There is no test that exercises
touched and it would be difficult, though not impossible, to write a decent one. It would be easy to write a trivial one, and maybe we’ll do that in a moment, to close the barn door.
Could we test gunner position during game play?
I’m not sure how an automated test could tell me that the gunner was going to appear on screen at the wrong Y coordinate if a test set its coordinate awry.
Well … you could have all the game initialization broken out into a separate function. We might be pretty close to that now. And then you could run that init in a test and then rip the guts out of it checking all the coordinates that you had just put in. To me, that’s a very poor kind of test, because you just get the values right and then don’t mess with them and the test isn’t needed. Any changes that you make to coordinates are purposeful and trigger additional changes in the poor test. I avoid that sort of thing.
Could we at least run the program?
Of course a manual test of the most trivial kind would have found the defect. Somehow, yesterday, I did all that refactoring, relying on my tests, and never ran the game after some crucial change. Certainly didn’t run it right before I released.
So maybe we can write a test for
touched, just to see how it might be done. We’ll try. Unless I forget.
It’s just not reasonable to write a test to find the gunner defect.
Avoiding problems like these
What we can do, and should do in my view, is explore how to avoid problems like these, to make it impossible for the tests to clobber the real game, and to make ourselves more certain that the game will play.
The fundamental cause of this problem, in the code if not in my head, is the globals. If Gunner were not global, then the tests would have had to make their own, and we couldn’t have smashed a live one.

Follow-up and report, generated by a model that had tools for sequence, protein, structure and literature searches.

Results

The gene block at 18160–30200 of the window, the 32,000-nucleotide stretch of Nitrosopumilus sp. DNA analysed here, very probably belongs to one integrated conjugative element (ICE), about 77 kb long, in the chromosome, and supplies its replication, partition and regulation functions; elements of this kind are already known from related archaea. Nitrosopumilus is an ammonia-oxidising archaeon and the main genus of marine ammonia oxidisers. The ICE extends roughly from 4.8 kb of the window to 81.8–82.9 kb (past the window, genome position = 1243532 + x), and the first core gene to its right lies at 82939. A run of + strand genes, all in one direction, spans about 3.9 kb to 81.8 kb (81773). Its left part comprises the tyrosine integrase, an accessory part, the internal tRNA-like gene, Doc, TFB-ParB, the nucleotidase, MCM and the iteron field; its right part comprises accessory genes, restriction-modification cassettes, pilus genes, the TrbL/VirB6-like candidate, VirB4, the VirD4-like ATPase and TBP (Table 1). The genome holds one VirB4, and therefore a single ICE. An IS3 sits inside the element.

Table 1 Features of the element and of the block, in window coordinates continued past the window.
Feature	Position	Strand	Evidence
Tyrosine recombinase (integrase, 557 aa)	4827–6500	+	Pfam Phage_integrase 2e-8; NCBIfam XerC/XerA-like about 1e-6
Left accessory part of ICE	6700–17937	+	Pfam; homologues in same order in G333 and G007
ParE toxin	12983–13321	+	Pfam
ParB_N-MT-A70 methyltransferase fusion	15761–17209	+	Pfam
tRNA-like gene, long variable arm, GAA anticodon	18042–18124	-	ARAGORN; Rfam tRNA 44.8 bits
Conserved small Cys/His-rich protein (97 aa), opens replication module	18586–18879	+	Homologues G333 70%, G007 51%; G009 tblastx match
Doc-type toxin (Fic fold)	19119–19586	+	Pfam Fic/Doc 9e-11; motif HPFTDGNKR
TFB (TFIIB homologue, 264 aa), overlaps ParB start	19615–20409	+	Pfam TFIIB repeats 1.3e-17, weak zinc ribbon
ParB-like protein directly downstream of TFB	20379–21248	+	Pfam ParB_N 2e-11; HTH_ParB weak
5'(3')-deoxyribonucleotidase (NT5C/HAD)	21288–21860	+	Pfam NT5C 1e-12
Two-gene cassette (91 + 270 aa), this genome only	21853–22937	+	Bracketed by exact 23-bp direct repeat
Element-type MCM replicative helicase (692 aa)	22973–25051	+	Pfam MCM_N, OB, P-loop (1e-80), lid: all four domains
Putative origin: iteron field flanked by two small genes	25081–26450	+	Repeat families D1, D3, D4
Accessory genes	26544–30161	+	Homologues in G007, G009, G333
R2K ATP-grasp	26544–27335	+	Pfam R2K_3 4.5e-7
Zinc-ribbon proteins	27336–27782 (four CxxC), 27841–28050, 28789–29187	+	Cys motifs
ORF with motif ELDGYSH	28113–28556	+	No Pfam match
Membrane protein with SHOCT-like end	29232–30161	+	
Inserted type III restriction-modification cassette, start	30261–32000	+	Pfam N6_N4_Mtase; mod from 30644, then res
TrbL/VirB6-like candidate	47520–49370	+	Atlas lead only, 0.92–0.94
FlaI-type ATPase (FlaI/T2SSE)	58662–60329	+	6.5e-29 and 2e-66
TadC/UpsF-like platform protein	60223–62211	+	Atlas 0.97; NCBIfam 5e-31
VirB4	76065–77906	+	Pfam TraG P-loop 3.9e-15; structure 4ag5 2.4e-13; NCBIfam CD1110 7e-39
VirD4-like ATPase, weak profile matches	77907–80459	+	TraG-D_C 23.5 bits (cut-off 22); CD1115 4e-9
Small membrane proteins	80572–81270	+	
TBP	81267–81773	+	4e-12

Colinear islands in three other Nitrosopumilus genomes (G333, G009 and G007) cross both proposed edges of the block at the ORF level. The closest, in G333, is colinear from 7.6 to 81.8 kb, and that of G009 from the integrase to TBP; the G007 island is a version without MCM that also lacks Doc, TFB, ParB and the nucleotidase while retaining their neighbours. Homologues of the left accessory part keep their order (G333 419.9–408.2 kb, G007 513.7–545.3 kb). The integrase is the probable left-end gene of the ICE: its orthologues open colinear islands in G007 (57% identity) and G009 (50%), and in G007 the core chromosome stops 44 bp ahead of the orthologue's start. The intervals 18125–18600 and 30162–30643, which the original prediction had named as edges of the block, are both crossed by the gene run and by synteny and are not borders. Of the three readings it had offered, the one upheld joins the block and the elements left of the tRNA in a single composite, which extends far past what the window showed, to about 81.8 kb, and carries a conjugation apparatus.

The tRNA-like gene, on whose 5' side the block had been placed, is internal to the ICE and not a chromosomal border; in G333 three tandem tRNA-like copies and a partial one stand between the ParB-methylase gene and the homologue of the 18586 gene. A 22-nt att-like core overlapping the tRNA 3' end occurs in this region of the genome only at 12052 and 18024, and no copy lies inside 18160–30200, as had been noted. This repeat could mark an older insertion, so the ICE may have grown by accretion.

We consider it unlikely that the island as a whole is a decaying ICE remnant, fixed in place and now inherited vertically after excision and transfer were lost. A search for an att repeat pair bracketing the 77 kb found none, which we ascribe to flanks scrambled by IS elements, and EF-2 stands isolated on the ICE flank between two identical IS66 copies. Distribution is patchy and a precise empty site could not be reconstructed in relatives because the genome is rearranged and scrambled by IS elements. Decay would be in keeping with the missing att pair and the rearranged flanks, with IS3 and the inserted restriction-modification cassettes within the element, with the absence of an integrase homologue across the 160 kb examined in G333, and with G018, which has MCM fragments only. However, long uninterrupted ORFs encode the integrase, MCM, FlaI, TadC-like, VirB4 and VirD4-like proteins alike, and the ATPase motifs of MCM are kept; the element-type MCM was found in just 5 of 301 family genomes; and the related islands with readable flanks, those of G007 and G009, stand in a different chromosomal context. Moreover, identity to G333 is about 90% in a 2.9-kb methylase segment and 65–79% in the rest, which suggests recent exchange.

A short term, effective, but risky fix is to create the game globals only after the tests have run. That’s the line swap that I made above. And I’ll sure do my best to remember to keep that line first. But it’s risky in general, because it’s tempting to create some useful test stuff first. I fell into that trap once already. Some new programmer, unsteeped as we are in the wisdom of the ages, could make that mistake again.
There are other issues with the globals: some tests just won’t run at all if some globals aren’t set up. Here’s some system code:
function Missile:handleOffScreen() if self.pos.y > TheArmy:saucerTop() then self.explodeCount = 15 end end
This is the code that explodes a missile after it has passed all possible targets. And it references that global,
TheArmy. If I wanted to test that, I’d have no choice today but to set up that global and access it, and once it is set up, we can’t be sure it’ll get reset later. We could save and restore it in our test, which would be fairly safe.
Globals are useful, and they are mistakes waiting to happen.
So we can improve by using fewer globals, and getting rid of as many as we can.
Of course we got into this problem by removing a global, so were we not the intrepid adventurers we are, we might be afraid to remove another. I’m pretty sure that if I had brought down Minecraft yesterday, instead of a program that maybe six people even know about, I’d be afraid to do it again.
I’m not here to be perfect other than in the Suzuki sense, but I am here to improve. Here are the ideas I’ve got so far about how to avoid things like this in the future:
- Limit the use of globals to a few
- No, fewer than that.
- Always briefly test the game manually right before release.
- Make tests run in their own sandbox.
I’ve probably mentioned an idea further above and already forgotten it. That’s OK, it leaves room for more improvement.
For now, I’ll manually test this baby and ship it.
See you soon, probably Monday!